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Narasinga Row Gaday Row Sahib and ors. Vs. Rangasami thevan - Court Judgment

LegalCrystal Citation
SubjectContract
CourtChennai
Decided On
Judge
Reported in35Ind.Cas.871
AppellantNarasinga Row Gaday Row Sahib and ors.
RespondentRangasami thevan
Cases ReferredBugata Appala Naidu v. Chengalvala Jogiraju
Excerpt:
specific relief act (i of 1877,), section 22(1) - contract for sale of immoveable property--possession, absence, of provision for-suit to enforce contract-tenants, whether necessary parties--decree directing delivery, illegality of-undue advantage to vendee-inadequacy of price--title defecting-discretion of court-adverse possession, failure to pay rent, whether constitutes. - - failure to pay rent is not such an assertion of rights as will make a tenant's possession adverse. this ground of appeal, therefore, must fail......and the exertion and expense necessary to enforce it were presumably in the minds of the parties. there is no evidence either of any facts, unknown to or fraudulently concealed from one side, of which ;the other vas aware, or of the use of undue influence; and such evidence is necessary in order to justify the application of this provision. this ground of appeal, therefore, must fail.3. the remaining argument is that the 3rd and 4th defendants should not have been made parties, because the contract, to which they were strangers, between the plaintiff and the 1st and 2nd defendants was for the sale of the land and did not include the giving of possession of it by the last mentioned. the plaintiff, no doubt, in the plaint alleged an agreement as to giving of possession. but the.....
Judgment:

1. These second appeals are argued, first, on the ground that the 3rd defendant has. prescribed for a full title to the properties, items Nos. 1 and 5. The evidence shows that he was admitting his position as a tenant in 1884, though since then he has not paid rent. Failure to pay rent is not such an assertion of rights as will make a tenant's possession adverse. We accept the lower Appellate Court's decision on this point.

2. Next, it is argued that the plaintiff's contract is, with reference to Section 22(1) of the Specific Relief Act, not one of which specific performance should be decreed. The contract, no doubt, Entitled the plaintiff to buy land worth intrinsically Rs. 2,600 for Rs. 500 and a promise to return 200 Tsulies of the whole 10 acres on possession being given and these terms are at first sight unfavourable to the 1st and 2nd defendants. But, on the other hand, the vendors' title to the land was open to considerable suspicion; and the exertion and expense necessary to enforce it were presumably in the minds of the parties. There is no evidence either of any facts, unknown to or fraudulently concealed from one side, of which ;the other vas aware, or of the use of undue influence; and such evidence is necessary in order to justify the application of this provision. This ground of appeal, therefore, must fail.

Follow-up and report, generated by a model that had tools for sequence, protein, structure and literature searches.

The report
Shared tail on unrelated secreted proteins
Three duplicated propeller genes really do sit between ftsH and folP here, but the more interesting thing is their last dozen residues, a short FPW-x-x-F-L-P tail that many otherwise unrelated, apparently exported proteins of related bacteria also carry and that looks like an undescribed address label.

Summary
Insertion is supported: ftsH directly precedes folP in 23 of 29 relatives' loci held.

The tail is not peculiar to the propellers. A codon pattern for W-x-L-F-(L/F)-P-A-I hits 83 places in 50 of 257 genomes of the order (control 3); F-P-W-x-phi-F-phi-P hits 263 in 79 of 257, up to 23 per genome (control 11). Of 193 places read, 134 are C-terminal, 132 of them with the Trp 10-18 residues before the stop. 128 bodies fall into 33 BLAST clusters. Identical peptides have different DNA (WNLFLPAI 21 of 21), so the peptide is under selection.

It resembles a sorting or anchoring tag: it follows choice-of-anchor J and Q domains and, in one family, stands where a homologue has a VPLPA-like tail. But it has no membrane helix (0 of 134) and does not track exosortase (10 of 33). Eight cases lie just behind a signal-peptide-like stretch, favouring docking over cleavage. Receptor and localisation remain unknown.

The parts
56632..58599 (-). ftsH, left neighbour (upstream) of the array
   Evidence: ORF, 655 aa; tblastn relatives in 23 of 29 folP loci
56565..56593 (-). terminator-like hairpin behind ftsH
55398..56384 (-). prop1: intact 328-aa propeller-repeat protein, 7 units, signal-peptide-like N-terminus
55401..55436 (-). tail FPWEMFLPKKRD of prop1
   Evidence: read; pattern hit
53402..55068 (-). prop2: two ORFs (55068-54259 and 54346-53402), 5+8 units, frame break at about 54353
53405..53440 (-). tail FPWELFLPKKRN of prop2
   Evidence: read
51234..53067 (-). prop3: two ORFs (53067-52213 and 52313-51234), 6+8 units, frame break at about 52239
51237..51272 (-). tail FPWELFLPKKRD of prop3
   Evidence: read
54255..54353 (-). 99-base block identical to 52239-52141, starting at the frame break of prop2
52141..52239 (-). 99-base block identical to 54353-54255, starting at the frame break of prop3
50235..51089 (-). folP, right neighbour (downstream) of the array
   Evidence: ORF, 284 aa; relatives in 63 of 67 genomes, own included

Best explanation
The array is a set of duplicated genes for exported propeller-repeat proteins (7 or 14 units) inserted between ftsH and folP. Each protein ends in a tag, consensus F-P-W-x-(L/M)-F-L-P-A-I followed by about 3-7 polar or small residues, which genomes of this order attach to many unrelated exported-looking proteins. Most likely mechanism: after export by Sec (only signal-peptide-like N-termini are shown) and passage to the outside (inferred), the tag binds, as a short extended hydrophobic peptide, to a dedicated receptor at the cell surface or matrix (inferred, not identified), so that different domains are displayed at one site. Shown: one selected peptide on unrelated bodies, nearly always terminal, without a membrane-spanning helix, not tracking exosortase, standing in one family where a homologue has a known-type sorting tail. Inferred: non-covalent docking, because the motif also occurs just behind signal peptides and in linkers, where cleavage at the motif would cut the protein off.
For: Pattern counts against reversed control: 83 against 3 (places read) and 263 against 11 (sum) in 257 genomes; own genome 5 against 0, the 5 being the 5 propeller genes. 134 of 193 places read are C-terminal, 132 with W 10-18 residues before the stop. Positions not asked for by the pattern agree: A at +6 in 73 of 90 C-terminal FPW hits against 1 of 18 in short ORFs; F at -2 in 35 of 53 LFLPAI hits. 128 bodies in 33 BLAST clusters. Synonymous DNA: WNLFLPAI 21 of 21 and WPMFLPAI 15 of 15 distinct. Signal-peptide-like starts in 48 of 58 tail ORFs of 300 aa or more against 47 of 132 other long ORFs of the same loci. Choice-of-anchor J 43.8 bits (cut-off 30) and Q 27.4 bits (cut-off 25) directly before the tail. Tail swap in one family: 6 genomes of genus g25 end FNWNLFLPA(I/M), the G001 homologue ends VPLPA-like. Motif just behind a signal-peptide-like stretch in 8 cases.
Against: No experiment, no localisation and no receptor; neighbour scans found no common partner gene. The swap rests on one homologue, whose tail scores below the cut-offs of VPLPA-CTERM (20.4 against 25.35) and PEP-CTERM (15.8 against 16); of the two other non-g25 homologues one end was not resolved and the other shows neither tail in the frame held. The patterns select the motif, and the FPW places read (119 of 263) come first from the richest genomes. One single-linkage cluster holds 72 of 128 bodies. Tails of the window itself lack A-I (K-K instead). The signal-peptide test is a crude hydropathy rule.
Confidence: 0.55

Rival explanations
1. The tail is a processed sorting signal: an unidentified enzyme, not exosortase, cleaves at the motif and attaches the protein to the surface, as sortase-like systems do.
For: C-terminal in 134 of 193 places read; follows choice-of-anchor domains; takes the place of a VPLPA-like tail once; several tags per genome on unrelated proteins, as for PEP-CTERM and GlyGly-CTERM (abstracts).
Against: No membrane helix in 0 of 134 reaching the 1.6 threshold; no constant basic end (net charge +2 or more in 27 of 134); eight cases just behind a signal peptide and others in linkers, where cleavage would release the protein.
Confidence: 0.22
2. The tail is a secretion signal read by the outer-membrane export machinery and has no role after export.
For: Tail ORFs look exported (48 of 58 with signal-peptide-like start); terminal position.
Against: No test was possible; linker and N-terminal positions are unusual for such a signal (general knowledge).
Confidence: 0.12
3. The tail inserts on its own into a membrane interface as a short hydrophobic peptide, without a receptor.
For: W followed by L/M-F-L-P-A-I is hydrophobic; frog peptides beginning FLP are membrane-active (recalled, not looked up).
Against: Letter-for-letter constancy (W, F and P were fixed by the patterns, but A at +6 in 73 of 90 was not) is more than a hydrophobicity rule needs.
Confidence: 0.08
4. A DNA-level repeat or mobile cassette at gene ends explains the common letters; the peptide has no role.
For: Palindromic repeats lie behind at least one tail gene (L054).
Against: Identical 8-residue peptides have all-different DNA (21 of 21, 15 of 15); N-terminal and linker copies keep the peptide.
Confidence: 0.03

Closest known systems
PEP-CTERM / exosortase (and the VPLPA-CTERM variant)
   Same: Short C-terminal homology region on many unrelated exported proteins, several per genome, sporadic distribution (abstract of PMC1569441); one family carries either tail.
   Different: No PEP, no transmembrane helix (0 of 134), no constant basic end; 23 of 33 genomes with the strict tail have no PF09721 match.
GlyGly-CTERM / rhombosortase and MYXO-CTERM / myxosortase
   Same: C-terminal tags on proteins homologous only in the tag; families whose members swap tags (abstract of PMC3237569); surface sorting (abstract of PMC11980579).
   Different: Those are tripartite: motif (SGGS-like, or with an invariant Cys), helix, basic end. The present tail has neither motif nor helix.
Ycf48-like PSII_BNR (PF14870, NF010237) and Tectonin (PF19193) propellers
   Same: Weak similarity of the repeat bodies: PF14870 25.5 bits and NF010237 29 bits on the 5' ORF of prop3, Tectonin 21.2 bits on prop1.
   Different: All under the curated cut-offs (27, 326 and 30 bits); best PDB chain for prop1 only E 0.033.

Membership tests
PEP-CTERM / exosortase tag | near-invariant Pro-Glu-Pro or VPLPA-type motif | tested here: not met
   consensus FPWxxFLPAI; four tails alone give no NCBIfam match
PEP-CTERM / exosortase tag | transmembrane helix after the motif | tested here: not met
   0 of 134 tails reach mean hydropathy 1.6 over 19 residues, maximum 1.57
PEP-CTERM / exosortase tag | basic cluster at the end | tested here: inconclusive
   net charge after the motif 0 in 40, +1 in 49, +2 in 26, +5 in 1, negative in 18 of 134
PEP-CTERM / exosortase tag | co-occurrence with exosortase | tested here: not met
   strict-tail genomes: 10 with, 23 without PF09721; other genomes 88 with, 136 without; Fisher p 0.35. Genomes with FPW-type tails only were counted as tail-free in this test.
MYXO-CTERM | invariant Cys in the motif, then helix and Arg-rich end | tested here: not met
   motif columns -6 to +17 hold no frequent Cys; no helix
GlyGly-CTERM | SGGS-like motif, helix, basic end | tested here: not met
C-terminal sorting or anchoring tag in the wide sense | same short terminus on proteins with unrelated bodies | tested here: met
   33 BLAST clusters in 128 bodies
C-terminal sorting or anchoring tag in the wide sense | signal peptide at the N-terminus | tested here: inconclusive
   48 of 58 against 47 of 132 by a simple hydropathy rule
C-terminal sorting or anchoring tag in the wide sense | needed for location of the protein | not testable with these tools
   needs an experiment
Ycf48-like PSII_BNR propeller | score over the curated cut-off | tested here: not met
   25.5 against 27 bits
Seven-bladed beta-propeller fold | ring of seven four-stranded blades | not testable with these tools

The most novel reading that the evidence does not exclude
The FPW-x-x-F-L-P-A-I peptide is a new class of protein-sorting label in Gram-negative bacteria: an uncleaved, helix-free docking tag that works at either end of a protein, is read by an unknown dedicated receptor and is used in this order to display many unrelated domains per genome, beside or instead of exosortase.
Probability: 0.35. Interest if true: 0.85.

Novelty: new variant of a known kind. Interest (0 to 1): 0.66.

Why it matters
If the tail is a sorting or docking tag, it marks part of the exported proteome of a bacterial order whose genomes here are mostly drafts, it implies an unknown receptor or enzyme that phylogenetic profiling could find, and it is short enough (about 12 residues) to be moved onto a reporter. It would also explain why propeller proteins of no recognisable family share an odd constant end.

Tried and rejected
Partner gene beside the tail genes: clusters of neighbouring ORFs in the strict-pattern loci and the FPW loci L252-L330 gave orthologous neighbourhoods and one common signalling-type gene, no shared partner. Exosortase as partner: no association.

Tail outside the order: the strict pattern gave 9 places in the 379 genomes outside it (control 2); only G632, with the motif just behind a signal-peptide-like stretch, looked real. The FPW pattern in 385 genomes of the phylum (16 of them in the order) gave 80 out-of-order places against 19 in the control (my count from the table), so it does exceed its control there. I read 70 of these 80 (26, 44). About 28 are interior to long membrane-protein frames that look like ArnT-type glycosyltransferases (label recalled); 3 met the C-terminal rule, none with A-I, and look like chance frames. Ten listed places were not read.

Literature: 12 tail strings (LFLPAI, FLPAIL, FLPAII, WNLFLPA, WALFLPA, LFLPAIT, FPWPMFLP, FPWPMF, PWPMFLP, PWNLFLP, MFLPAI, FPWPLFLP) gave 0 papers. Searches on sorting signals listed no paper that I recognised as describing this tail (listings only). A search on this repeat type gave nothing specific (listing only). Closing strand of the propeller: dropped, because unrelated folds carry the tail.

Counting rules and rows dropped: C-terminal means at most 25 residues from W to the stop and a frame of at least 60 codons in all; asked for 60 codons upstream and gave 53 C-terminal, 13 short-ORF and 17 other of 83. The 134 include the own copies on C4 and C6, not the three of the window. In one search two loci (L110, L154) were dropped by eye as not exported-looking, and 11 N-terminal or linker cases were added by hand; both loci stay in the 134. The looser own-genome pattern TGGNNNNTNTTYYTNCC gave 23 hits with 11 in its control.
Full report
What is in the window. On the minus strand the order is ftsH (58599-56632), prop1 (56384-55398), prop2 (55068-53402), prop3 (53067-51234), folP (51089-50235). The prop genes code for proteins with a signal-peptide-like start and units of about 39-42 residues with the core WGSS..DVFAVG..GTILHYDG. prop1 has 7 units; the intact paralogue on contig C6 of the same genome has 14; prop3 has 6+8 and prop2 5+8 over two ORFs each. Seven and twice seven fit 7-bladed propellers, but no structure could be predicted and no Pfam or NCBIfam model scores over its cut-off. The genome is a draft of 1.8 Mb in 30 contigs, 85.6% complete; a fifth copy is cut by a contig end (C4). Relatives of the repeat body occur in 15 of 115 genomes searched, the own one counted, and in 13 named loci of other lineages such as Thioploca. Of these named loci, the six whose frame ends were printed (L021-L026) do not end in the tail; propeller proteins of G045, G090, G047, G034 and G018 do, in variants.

3. The remaining argument is that the 3rd and 4th defendants should not have been made parties, because the contract, to which they were strangers, between the plaintiff and the 1st and 2nd defendants was for the sale of the land and did not include the giving of possession of it by the last mentioned. The plaintiff, no doubt, in the plaint alleged an agreement as to giving of possession. But the plea does not appear to have been persisted in, and we, therefore, do not consider it. In the absence of an agreement to give possession, there is nothing against our applying the principle enunciated in Bugata Appala Naidu v. Chengalvala Jogiraju 32 Ind. Cas. 237 and holding that the 3rd and 4th defendants are not proper parties to the suit.

4. The second appeals are, therefore, allowed to this extent that so much of the lower Appellate Court's decrees as relates to possession will be expunged. In other respects they are dismissed. There will, in the circumstance, be no order as to costs in this Court.


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